Occasional showers were not enough to keep anglers from far and wide away from the third annual Wollombi Carp Fishing Competition.
A total of 305 fish were caught during the competition on the weekend of March 18 and 19.
Competition spokesperson Angus Jon said carp, an introduced species, have invaded the furthest reaches in the Wollombi Valley system, encroaching on native species and competing for a limited food source.
“The Wollombi Brook, known also for its very shy platypus, offers many deep holes along its path capable of harbouring many thousands of carp,” he said.
“Under the right conditions, carp can be highly prolific.
“They mature early – as early as one year for males and two years for females.
“One mature female can produce up to 1.5 million sticky eggs ensuring fast population expansion.”
Mr Jon said carp fishing competitions – according to recent research figures – do not greatly impact carp populations.
“The key benefit of these events is education about the introduced carp species, exposing its aggressive invasion into our waterways and of course, creating a family-friendly competition that all ages and all levels of angler expertise can participate on the day.”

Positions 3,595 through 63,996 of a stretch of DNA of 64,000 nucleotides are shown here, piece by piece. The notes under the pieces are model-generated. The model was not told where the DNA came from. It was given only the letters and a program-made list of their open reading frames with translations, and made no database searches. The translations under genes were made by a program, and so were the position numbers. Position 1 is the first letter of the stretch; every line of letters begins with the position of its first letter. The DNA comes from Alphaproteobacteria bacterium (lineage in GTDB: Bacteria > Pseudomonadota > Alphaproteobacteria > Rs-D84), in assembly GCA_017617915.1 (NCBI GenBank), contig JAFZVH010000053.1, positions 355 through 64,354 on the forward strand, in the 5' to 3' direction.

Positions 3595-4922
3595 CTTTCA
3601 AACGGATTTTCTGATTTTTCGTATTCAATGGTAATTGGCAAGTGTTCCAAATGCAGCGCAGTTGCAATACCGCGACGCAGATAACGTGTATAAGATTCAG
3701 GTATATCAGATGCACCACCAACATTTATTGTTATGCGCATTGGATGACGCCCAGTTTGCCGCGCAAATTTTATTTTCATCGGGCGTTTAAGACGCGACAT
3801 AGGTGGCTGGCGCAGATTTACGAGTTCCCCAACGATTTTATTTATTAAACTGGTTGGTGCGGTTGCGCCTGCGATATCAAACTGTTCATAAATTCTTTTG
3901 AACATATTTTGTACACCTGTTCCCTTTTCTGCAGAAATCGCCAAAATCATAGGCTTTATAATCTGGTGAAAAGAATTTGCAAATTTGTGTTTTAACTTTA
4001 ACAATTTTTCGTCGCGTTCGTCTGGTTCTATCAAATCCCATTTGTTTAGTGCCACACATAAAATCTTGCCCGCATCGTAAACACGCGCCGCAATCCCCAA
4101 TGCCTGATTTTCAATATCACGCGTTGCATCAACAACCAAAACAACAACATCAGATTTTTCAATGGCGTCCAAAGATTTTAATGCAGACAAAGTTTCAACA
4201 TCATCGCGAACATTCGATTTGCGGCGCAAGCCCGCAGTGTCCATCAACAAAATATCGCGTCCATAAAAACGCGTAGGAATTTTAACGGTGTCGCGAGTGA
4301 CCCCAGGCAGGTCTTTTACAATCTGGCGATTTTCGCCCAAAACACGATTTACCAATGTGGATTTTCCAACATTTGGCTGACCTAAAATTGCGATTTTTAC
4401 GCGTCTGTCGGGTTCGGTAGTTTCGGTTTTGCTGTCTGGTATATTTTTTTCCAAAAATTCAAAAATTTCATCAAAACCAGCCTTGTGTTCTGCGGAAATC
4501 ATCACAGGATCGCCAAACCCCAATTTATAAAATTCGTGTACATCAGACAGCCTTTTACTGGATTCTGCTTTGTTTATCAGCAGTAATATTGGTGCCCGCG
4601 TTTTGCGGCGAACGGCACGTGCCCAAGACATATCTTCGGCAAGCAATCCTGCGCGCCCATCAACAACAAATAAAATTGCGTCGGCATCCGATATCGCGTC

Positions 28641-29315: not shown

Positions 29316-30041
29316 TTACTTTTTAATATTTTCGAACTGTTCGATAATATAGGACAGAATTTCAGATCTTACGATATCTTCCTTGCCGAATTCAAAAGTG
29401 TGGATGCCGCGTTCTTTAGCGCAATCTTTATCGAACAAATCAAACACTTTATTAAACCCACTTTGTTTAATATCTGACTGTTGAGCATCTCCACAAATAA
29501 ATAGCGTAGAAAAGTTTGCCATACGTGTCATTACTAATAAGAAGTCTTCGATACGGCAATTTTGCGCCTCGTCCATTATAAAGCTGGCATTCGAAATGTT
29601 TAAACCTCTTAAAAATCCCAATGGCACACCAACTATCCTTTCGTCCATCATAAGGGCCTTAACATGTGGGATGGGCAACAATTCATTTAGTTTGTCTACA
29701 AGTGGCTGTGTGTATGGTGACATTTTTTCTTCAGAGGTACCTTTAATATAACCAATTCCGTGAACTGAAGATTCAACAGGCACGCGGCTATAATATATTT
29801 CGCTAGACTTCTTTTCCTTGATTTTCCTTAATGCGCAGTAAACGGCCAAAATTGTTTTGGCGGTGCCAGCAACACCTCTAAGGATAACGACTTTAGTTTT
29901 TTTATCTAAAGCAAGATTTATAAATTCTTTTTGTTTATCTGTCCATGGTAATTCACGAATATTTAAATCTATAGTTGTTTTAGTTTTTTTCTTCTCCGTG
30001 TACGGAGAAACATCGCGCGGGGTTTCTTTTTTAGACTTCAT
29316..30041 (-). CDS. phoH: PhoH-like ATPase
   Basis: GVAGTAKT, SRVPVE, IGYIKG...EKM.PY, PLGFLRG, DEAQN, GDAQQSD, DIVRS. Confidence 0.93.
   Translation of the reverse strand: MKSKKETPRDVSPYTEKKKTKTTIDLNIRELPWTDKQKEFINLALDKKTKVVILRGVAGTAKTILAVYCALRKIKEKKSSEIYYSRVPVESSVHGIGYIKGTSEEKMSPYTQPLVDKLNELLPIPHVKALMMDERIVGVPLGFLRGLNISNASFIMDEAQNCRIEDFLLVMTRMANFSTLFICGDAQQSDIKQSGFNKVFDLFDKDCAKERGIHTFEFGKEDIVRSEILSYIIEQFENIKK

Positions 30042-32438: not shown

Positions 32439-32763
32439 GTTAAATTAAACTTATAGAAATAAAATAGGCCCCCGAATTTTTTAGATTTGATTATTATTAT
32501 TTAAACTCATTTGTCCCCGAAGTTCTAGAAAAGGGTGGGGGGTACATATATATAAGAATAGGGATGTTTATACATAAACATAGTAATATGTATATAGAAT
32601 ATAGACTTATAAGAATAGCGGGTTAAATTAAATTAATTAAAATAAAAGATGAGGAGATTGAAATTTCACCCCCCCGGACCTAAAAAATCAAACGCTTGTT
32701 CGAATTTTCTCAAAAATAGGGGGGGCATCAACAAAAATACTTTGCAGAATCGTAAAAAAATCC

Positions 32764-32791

Mr Jon said the cloudy weather may have been an advantage, however a little fresh run off into the brook that week may have made the catch just that more challenging.
The sun came out for the Sunday weigh-in, when local resident Daryl Bowman received the shield for the most fish caught over the weekend with a total of 39 catches.
Mr Bowman, who has entered the competition each year, started at first light on the Saturday morning and managed to reel in 29 fish on the first day, followed by another 10 on the Sunday.
Cooper Hollingshed of Pelton caught the heaviest fish in the under-10s division, at 1.88 kilograms.